June 1966

Carcinoid Syndrome With Gastric Hypersecretion and Histaminuria

Author Affiliations


From the Mayo Clinic and Mayo Foundation: Section of Medicine (Dr. McGill). Mayo Graduate School of Medicine (University of Minnesota), Rochester (Dr. Jones).

Arch Intern Med. 1966;117(6):784-788. doi:10.1001/archinte.1966.03870120048010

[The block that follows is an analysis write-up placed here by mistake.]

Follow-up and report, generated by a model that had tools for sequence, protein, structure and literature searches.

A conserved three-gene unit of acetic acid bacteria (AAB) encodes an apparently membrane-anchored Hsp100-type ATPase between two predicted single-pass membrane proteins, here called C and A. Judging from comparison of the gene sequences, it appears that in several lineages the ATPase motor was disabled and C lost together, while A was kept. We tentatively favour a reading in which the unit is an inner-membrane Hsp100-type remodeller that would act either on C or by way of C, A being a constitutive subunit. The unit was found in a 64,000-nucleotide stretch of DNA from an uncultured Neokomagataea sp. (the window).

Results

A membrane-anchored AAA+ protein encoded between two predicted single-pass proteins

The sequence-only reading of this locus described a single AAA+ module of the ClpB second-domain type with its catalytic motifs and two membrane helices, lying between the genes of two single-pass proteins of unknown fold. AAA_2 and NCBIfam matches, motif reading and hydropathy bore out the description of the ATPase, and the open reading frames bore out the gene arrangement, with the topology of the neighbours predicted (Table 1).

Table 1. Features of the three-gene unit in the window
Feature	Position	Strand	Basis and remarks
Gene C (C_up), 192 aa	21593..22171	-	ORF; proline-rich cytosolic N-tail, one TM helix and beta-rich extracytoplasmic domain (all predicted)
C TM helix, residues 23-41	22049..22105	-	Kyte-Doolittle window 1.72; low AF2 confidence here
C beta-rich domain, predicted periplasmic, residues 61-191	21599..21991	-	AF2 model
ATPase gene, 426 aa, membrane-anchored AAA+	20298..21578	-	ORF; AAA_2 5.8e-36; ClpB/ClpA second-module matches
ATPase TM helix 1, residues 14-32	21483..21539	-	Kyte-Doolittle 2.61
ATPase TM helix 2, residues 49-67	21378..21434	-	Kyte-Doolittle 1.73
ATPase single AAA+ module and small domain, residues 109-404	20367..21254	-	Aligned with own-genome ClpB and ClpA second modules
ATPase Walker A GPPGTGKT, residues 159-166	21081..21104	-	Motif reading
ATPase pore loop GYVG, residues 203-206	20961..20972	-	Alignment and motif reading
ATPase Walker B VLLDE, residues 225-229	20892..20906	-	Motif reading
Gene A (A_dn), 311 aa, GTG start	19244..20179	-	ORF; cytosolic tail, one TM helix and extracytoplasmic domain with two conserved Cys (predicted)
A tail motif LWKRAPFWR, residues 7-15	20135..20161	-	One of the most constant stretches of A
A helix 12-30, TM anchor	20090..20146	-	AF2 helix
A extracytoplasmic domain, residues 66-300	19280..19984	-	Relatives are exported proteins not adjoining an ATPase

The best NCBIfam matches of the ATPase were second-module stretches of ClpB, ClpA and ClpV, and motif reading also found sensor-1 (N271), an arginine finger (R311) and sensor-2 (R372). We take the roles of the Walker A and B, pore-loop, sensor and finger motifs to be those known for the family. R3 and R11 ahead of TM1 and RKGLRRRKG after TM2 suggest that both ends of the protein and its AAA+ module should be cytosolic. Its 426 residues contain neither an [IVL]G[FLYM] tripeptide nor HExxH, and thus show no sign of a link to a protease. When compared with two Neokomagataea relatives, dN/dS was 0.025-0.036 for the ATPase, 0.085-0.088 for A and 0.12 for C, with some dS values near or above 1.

STUDY of the systemic manifestations of malignant tumors has resulted in the delineation of a wide variety of syndromes.1 In many instances the tumors probably manufacture substances that have endocrine-like activity. Although rather specific syndromes were described initially, further case reports indicate more complex interrelationships among syndromes. The metastatic carcinoid tumor illustrates the diverse biochemical potential of the malignant cell. Biörck and associates2 in 1952 first described the clinical picture; Thorson3 in 1958, summarizing the literature to that time, described a rather characteristic syndrome of diarrhea and flushing that was sometimes associated with cardiac lesions and bronchial constriction. Central to this syndrome are hepatic metastases from carcinoid tumors producing high levels of various indoles in the serum and urine.4,5 Since 1958, many cases have been described that are atypical in respect to clinical symptoms, biochemical findings, and tissue of origin. These tumors are often associated with other "endocrine" tumors.8,7 The

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